I expected this to be the story of a young girl feverish with idealism and countless flashbacks of events and experiences that drove her to flee civilization in favor of desolation. Not so much though.
Before the story even begins, Robyn’s family has fallen apart. After her mother’s suicide, Robyn’s father is deemed unable to care for her. After subsequent isolation by time spent in boarding school, Robyn gives little explanation for her plans to cross the Australian Outback on foot. We know that her father explored the African continent during the 20’s and 30’s, and surely his stories fired a child’s curiosity and sense of adventure. The screenplay doesn’t portray Robyn’s endeavor as a rash decision, but instead as a lengthy process of training feral camels and preparing for the trip.
Based on a best selling memoir by the same name, “Tracks” follows real-life Robyn Davidson’s 9 month, 1700 mile journey from Alice Springs to the Indian Ocean. In 1977, she set out with funding from National Geographic ($4000) and help from a photo journalist named Rick Smolan. According to Robyn, sponsorship felt unnatural but she really needed the money for the walkabout to succeed. As for the trip itself, National Geographic influenced the route — The magazine wanted a beginning, middle and end, not items high on Robyn’s list of importance. But maybe part of “succeeding” in life is realizing that you need to make compromises. In an interview, she noted that one of her goals in going to the desert was “to try to understand some aspects of Aboriginal culture”. For a part of her trek, she’s accompanied by one of the tribal elders as she crosses through sacred areas.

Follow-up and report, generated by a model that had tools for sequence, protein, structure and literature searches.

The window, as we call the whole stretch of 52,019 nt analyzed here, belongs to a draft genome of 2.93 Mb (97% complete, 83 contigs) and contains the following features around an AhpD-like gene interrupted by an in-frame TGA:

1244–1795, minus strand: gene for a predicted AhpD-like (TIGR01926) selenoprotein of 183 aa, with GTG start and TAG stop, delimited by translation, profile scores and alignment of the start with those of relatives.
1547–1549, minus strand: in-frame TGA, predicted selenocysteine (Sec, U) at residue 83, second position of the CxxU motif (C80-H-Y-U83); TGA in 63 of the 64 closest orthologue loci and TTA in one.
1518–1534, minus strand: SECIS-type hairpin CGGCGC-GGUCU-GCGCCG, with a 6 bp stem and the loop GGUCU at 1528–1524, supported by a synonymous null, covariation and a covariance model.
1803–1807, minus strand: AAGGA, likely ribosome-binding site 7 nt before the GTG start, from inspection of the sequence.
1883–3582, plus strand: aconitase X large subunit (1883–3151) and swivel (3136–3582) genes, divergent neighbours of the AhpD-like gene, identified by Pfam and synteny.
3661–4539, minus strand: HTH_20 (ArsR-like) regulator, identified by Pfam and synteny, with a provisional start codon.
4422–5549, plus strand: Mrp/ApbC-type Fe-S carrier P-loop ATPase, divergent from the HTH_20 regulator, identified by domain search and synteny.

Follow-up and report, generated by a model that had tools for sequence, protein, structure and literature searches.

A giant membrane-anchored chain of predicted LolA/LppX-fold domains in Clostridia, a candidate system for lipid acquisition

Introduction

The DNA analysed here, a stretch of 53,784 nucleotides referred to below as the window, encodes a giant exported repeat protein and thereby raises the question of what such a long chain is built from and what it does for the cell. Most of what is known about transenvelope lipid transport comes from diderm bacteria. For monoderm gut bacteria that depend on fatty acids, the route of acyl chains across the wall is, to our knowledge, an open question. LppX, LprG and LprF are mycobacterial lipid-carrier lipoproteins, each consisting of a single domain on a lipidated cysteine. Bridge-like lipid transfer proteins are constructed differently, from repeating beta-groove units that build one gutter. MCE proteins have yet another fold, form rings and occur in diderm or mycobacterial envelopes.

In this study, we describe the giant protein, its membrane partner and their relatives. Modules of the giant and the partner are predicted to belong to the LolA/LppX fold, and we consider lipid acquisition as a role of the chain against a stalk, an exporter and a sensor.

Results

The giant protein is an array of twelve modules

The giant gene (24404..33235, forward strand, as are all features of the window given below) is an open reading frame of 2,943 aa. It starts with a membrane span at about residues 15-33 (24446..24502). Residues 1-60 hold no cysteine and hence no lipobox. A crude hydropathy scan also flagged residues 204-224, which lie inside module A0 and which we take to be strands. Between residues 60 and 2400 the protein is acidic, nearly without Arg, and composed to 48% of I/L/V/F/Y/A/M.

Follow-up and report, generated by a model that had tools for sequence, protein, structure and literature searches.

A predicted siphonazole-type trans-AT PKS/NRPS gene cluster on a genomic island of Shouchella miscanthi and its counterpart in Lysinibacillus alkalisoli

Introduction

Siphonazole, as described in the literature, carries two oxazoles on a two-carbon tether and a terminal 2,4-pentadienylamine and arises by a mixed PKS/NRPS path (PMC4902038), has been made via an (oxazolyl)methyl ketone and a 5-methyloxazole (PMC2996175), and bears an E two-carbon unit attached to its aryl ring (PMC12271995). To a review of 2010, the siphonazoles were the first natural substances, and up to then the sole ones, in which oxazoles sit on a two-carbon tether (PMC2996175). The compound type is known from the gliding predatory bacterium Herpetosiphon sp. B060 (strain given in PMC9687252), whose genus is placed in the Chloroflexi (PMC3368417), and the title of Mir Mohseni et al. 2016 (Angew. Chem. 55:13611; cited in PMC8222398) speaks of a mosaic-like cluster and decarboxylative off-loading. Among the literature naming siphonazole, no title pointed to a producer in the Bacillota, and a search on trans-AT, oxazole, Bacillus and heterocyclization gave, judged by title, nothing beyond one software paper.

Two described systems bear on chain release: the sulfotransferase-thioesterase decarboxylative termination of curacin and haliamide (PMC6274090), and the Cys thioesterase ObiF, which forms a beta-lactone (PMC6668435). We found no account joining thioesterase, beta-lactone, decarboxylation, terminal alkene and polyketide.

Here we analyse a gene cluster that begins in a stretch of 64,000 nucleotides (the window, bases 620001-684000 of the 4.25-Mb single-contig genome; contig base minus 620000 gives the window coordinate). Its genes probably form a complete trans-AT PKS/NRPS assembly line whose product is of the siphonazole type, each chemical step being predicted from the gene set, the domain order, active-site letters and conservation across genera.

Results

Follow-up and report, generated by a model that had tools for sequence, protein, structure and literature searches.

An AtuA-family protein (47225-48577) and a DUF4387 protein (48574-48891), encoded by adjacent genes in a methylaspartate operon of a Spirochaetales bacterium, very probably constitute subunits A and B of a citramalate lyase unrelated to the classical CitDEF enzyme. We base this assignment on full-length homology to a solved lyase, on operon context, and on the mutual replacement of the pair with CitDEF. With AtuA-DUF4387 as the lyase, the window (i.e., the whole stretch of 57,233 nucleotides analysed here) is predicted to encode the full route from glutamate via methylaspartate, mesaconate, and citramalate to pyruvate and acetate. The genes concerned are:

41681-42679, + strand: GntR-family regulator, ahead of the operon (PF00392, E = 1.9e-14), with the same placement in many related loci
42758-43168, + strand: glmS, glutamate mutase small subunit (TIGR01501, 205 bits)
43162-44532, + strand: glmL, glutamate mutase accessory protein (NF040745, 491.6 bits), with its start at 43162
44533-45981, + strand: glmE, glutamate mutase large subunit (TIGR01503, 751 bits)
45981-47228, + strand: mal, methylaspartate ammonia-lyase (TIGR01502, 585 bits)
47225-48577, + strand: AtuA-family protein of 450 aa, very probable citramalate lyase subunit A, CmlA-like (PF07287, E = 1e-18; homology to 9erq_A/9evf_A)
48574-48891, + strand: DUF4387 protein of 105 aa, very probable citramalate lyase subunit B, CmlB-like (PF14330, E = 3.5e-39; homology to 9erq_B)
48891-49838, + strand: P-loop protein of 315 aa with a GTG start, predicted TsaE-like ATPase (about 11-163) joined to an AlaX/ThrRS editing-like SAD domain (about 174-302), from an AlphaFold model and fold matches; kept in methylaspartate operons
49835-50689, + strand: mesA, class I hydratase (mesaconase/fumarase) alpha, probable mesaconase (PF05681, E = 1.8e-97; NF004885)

Given this is a mostly historical account, we know that Robyn completes the trip. The photographer (played by Adam Driver) sent by National Geographic to document the journey first strikes me as bit annoying and manipulative. But then we get to know him a little better, and he’s both a passionate and supportive cohort. By the the end of the film he seems more invested in Robyn’s success than she is, going thousands of miles out of his way to deliver water cans along her trek through the desert.
More interesting than anything else is what this film taught me about feral camels. I had no idea there were so many. Thousands of dromedary camels were imported from India and other eastern countries during the period of 1870 to 1900. They were mostly used for riding and heavy work during the colonization of central and western Australia, however when automobiles arrived at the beginning of the 20th century, many were released into the wild. Today there are thought to be about 300,000 roaming the country.
The cinematography is the first and foremost reason to see this film, but acting is a close second. Mia Wasikowska was Robyn’s first choice for the actress to portray her. I’m also impressed with the screen writing, it doesn’t play at all like a true story. Somewhere out there is a forgotten, May 1978 issue of National Geographic sitting on someone’s bookshelf, with photos taken by Rick and an article written by Robyn.
Venue: Seattle International Film Festival, 2014